By Devin Partida, technology writer and the editor-in-chief, ReHack.com.
The medical industry’s growing reliance on digital technologies has come with some increased risks. That became painfully evident for thousands of patients in the wake of a recent ransomware attack on CaptureRX, a healthcare administrative service provider.
On February 6, hackers accessed sensitive patient data from multiple CaptureRX clients, affecting at least 1 million people. The company started investigating after noticing unusual activity, and by February 19, it could confirm that someone had stolen patients’ personally identifiable information (PII). CaptureRX started alerting affected clients on March 30, and the full scope of the incident is still unclear.
Health IT’s Growing Ransomware Problem
This is far from the first instance of a ransomware attack on a health IT company. Ransomware as a whole has become much more common in the past few years, and medical businesses are more at risk than most. Hospitals have more to lose in these attacks, given the sensitive nature of their data, so a successful breach could be more profitable for hackers.
In 2020 alone, there were 92 ransomware attacks against healthcare organizations, affecting more than 18 million patient records. That represents a 60% increase over 2019 in the number of attacks and a 470% increase in records affected. Since 2016, these attacks have cost the industry more than $31 billion.
The CaptureRX attack is the latest in a troubling and growing trend of ransomware attacks against health IT. If industry leaders aren’t already aware of this problem, the sheer size of this incident will likely get their attention. With these attacks becoming more frequent and expensive, the sector will likely shift in response.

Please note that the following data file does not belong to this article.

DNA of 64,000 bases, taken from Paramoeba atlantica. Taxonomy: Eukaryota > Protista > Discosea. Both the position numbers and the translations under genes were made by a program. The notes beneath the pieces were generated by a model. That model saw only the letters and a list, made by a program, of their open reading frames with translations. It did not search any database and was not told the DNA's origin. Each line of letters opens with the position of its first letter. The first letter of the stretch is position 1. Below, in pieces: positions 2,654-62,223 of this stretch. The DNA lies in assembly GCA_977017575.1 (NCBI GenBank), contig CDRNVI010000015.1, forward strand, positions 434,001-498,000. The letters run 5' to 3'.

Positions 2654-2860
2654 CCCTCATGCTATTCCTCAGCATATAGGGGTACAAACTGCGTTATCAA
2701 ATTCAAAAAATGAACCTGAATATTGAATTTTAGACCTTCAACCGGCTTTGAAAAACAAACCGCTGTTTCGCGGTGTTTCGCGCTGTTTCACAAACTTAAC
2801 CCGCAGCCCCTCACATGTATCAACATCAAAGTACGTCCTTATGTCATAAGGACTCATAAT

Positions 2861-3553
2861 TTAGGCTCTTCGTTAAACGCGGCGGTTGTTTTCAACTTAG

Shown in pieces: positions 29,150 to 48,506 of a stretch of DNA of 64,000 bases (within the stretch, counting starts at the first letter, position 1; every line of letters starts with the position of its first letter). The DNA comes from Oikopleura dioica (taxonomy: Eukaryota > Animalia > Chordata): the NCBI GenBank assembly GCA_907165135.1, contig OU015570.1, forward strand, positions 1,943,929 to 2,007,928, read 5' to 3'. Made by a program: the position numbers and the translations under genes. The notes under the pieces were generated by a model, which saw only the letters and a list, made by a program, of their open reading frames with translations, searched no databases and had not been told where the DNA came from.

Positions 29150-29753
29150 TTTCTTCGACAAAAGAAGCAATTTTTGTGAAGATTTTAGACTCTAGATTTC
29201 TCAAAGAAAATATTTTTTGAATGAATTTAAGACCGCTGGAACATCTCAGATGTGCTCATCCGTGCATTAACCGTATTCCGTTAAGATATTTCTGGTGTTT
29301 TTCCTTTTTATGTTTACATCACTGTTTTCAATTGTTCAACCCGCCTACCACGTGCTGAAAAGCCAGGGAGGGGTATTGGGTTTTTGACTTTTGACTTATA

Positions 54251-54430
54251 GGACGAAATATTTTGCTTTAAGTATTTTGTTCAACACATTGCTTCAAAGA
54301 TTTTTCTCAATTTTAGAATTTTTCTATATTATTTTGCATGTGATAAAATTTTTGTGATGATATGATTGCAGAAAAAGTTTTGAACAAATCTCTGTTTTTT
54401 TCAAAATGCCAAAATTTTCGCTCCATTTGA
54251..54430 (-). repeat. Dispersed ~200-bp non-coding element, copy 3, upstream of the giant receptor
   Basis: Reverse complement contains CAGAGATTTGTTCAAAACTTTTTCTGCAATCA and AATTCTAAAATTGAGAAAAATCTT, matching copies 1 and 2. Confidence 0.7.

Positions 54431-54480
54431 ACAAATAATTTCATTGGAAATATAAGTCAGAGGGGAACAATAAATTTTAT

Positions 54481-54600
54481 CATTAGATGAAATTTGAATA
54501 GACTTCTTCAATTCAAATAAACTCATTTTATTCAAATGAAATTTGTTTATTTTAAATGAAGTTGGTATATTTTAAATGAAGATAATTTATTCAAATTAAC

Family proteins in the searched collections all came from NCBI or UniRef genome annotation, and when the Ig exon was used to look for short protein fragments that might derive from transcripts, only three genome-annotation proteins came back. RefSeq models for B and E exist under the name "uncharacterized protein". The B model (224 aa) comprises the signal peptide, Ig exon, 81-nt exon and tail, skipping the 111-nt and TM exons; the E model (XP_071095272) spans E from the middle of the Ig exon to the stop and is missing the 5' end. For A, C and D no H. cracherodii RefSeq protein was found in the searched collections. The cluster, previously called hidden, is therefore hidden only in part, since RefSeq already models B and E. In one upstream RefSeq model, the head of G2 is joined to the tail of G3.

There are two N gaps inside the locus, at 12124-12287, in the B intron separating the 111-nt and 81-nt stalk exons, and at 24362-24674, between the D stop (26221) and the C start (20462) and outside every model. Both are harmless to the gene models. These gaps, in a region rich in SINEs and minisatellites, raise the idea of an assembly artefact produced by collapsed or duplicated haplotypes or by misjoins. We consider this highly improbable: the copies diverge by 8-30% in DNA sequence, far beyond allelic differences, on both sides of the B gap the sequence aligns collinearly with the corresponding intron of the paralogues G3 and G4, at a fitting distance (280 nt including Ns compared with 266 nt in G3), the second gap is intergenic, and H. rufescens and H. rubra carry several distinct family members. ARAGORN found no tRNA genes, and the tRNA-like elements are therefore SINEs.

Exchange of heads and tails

Increased Regulations Possible in the Future
As the CaptureRX attack brings more attention to health IT’s cybersecurity problems, industry standards will likely adapt. HIPAA already requires implementing security measures to prevent ransomware, but these stipulations are open-ended and minimal. The growing ransomware wave could influence more stringent and specific regulations.
Health IT has also undergone several other recent changes that could make it more vulnerable to attacks. For example, 57% of employees can now work from home, creating a wider, harder-to-secure attack surface. Healthcare organizations need new security controls to make this changing workforce safe, and additional regulations would encourage that.
Other industries have been adopting tighter cybersecurity regulations, so it’s not out of the question that health IT would do the same. The Health and Human Services Department could take inspiration from the Department of Defense’s policies, which they recently tightened.
Cyberattacks Unlikely to Slow Medtech Adoption
As these regulations grow, some industry insiders might be concerned that they’ll hinder medtech adoption. Healthcare organizations may worry about regulatory compliance and risk to the point that they deem new tech isn’t worth it. While some companies may follow this line of thinking, overall, these trends are unlikely to slow digitization.
Digital transformation is too valuable for healthcare organizations to abandon. Between 2016 and 2018, the electronic health record (EHR) market grew by $3 billion, despite rising cybercrime. Growing cybersecurity risks haven’t hindered medtech’s growth in the past, and they’re unlikely to do so now.
Digitization in healthcare skyrocketed amid the pandemic as more companies realized how much it could help them. These technologies’ benefits are more evident than ever, so organizations won’t likely reverse course because of rising risks. So while the CaptureRX attack may inspire more cybersecurity protocols, it won’t stand in the way of health IT’s growth.
The Healthcare Sector Needs Better Cybersecurity
The CaptureRX attack stands as a reminder that healthcare organizations need to keep cybersecurity in mind as they go digital. Since these incidents are becoming increasingly common, the industry will likely adopt new regulations, hopefully improving security. Health IT use will continue, ideally with more thought given to network security.